• taskInstructions: The message to display above the list of tasks. This property also has a title and a message.

Question properties

  • name: The name of the question. Must match the question name in survey.json.
  • category: The category for the question. Tasks will be consolidated into sections by category.

Choice properties

  • name: The name of the choice. Must match the choice name in survey.json.
  • definition: A message that will appear below the survey choice, along with the ? button.
  • examples: Contains an array of examples. These examples are shown in the help pop-up when the ? button is clicked for that choice.
  • taskCard: Defines the tasks corresponding to the question. Tasks are shown in the survey results page.

Example properties

  • name: The title of the example. Appears in the help dialog as a heading.
  • details: The message for the example. HTML is supported.
  • visibleIf: A logic expression that controls whether or not this example is visible. This can be used to provide contextual examples based on the user's choices in the survey. Syntax documentation

Task card properties

  • message: A message to show for the entire group of tasks.
  • tasks: An array of tasks.

Task properties

  • name: The title of the task.
  • details: The message for to the task. HTML is supported.
  • visibleIf: A logic expression that controls whether or not this task is visible. This can be used to provide contextual tasks based on the user's choices in the survey. Syntax documentation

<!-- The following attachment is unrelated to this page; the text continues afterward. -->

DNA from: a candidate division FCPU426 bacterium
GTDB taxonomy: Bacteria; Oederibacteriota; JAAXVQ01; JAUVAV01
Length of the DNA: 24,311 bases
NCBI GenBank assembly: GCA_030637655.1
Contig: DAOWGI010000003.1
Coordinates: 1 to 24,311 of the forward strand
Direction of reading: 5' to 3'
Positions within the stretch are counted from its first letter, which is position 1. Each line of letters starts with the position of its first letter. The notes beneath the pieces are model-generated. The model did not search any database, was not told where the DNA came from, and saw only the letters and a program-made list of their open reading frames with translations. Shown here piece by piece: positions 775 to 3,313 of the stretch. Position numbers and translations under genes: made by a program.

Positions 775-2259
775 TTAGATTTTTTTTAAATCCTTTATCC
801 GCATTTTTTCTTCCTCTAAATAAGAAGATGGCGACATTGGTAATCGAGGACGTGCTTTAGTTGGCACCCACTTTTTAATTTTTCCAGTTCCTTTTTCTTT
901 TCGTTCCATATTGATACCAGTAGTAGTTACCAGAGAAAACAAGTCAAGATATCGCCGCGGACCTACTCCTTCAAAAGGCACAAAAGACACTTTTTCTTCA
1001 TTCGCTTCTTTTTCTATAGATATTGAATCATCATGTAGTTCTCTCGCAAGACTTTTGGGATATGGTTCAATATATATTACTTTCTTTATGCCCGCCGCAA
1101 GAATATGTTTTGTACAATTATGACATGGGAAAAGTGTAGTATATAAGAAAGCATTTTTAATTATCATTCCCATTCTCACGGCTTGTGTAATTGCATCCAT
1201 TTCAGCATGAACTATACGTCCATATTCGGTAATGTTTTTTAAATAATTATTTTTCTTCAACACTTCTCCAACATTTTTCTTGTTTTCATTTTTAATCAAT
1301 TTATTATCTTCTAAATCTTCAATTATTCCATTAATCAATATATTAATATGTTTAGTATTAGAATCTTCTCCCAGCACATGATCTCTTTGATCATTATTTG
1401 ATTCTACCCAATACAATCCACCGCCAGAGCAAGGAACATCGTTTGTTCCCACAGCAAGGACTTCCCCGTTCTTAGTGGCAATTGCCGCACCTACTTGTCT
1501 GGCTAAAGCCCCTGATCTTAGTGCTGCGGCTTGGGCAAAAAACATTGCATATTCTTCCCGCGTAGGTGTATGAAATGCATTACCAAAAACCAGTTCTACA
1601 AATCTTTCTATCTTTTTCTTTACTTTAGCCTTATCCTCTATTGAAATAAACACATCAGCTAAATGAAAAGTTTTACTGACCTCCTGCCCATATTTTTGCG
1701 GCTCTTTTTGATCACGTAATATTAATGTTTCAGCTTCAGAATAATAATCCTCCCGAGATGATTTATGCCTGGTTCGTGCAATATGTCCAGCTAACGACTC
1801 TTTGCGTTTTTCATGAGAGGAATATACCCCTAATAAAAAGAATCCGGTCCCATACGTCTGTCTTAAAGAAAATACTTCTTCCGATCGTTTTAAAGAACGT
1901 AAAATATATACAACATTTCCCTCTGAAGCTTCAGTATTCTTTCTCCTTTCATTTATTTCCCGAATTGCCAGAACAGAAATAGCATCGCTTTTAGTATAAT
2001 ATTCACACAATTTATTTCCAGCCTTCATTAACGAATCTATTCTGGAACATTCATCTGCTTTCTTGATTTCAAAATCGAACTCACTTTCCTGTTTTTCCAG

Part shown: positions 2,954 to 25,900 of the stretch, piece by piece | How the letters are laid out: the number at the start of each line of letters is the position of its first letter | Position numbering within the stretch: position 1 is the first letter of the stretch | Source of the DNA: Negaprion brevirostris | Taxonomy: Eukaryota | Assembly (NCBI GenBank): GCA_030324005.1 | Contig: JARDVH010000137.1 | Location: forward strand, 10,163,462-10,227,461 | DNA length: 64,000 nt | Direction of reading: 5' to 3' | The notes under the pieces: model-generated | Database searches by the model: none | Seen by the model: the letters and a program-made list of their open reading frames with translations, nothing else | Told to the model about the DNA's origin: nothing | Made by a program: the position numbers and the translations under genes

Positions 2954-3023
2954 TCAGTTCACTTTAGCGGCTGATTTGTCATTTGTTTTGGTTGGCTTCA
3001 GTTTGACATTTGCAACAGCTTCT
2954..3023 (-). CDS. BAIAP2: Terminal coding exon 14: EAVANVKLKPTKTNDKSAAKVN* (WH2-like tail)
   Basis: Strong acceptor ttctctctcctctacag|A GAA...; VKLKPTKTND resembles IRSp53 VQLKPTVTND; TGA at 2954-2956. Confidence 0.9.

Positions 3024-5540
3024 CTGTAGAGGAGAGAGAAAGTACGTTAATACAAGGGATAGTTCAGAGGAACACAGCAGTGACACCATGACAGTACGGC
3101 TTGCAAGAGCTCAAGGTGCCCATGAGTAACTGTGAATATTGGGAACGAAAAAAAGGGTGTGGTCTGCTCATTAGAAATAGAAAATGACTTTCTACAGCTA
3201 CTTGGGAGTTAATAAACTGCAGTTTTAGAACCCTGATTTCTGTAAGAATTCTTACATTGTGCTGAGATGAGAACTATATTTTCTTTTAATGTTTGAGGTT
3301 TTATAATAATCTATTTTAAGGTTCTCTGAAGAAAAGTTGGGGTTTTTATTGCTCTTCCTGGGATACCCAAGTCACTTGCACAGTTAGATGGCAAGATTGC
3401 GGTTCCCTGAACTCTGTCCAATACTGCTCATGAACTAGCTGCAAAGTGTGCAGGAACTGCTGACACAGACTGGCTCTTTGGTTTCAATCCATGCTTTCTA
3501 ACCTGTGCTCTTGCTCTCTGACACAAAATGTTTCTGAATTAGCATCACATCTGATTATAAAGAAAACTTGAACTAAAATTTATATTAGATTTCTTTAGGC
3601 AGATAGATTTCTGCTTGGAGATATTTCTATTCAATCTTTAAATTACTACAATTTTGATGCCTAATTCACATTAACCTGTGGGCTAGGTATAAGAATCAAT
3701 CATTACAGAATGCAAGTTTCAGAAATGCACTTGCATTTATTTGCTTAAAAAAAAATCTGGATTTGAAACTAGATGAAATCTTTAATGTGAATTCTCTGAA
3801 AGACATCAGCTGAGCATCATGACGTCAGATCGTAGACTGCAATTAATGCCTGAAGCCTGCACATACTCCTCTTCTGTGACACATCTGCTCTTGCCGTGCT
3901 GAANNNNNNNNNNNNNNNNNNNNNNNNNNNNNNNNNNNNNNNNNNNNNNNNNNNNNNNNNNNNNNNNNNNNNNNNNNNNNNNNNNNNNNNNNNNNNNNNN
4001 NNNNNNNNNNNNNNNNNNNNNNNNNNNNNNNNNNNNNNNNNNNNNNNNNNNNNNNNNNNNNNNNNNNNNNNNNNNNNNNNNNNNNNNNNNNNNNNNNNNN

Syntax for visibleIf logic

SurveyJS includes a robust domain-specific language for controlling the flow of the survey. See https://surveyjs.io/Documentation/Library#conditions for the official documentation and examples. Configuring logic in the survey creator is a good option if you don't want to handwrite code.

Here are some basic examples to get you started.

  • Check if the user selected a certain choice: "visibleIf": "{questionName} = 'choice'"
  • Check if the user did not select a choice: "visibleIf": "{questionName} <> 'choice'"

Contributing

Check CONTRIBUTING page.

Research and acknowledgements

This project materializes and implements ideas from ongoing research on Human-AI interaction. Here is a list of development and research contributors:

Current Contributors: Nicholas King, Jingya Chen, Kathleen Walker, Mihaela Vorvoreanu, Xavier Fernandes, Juan Lema, Adam Fourney, Saleema Amershi

Research Contributors: Matthew K. Hong, Adam Fourney, Derek DeBellis, Saleema Amershi

ACM Reference Format: Matthew K. Hong, Adam Fourney, Derek DeBellis, and Saleema Amershi. 2021. Planning for Natural Language Failures with the AI Playbook. In CHI Conference on Human Factors in Computing Systems (CHI ’21), May 8–13, 2021, Yokohama, Japan. ACM, New York, NY, USA, 16 pages. https://doi.org/10.1145/3411764.3445735

Microsoft Open Source Code of Conduct

This project has adopted the Microsoft Open Source Code of Conduct. For more information see the Code of Conduct FAQ or contact opencode@microsoft.com with any additional questions or comments.

License

This project is licensed under the terms of the MIT license. See LICENSE.txt for additional details.

Trademarks

This project may contain trademarks or logos for projects, products, or services. Authorized use of Microsoft trademarks or logos is subject to and must follow Microsoft's Trademark & Brand Guidelines. Use of Microsoft trademarks or logos in modified versions of this project must not cause confusion or imply Microsoft sponsorship. Any use of third-party trademarks or logos are subject to those third-party's policies.